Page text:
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Microsoft Has Law on Its Side After Code Leak

Code might be viewable, but intellectual property laws prevent its use by legitimate software companies, says expert.

After incomplete portions of source code from Windows 2000 and Windows NT were leaked over the Internet in early February, do Microsoft and other software companies have something to worry about?

According to Christopher Brody, partner at Clark and Brody, an intellectual property law firm in Washington, D.C., the Microsoft code leak might not be a big deal. Considering the sheer complexity of the source code, Brody said, "Maybe only a handful of people could do something with it. It would be hard to make something useful from partial code."

"Microsoft can't do anything now that [the partial code] is out there, but they can if someone uses it," said Brody. The U.S. Copyright Office allows software companies to block portions of the code they want to keep secret, which provides the benefits of copyright protection while keeping software products undisclosed publicly.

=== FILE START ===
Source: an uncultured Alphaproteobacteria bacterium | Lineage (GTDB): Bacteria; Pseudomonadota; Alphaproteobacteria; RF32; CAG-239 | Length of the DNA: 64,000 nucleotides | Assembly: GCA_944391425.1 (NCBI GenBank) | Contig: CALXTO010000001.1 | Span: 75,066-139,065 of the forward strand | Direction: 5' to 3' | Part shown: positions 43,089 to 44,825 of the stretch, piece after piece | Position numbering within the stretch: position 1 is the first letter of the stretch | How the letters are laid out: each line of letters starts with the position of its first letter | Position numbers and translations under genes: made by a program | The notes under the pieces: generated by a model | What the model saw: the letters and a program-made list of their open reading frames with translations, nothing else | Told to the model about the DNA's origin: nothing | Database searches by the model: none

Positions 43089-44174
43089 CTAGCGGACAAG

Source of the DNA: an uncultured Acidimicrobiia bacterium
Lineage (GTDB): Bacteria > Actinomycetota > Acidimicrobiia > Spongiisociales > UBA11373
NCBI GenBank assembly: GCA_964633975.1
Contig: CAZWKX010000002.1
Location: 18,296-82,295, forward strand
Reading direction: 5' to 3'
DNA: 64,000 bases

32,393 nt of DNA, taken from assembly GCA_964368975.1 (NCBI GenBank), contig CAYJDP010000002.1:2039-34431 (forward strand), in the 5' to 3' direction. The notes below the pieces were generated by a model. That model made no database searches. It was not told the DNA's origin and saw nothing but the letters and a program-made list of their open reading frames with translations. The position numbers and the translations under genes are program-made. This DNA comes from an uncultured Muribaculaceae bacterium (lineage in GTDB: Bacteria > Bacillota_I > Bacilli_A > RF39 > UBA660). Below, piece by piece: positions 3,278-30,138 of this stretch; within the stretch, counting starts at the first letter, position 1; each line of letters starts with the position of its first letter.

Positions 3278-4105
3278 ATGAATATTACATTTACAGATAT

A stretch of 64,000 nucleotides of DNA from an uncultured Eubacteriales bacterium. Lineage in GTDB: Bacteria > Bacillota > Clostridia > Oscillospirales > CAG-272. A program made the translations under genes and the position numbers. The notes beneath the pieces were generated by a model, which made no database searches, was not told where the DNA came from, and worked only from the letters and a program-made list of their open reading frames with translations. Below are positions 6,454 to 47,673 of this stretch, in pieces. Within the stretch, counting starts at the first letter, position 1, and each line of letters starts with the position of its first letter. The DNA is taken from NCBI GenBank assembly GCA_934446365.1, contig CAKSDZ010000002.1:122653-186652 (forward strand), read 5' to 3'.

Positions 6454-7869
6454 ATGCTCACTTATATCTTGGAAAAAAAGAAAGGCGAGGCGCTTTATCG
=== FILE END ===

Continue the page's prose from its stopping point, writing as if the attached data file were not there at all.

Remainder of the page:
The advantage of having copyright registration is that a company can get an injunction, attorney fees and statutory damages-which can get pretty high-for copyright infringement, according to Brody. There's also something called a common law copyright, which allows a company to sue after the fact if it doesn't have a registered copyright. "If the code wasn't copyrighted and a theft occurred, and Microsoft then got a copyright registration, they could still [be awarded] damages and bring into action a lawsuit," Brody explained. "If the company lost sales or profit because of an infringement, they could be granted that loss."

The majority of software companies religiously protect their intellectual properties with copyrights, patents and trademarks. "We've been busy without any dips in workload-even when the economy slows down," said Brody. "A copyright is a 'check,' or insurance, for source codes." After all, it's a globally competitive market, and companies are looking to protect themselves.

What is still to be determined is whether the release of the code will turn out to expose possible security holes that a future cracker can exploit.

About the Author

Kristen Kazarian has been Associate Editor at MCP Magazine for nearly two years. Before this, she worked at Weider Publications as a copy editor for JUMP Magazine and a licensing permissions administrator. Kristen has been in the publishing field for more than 12 years.

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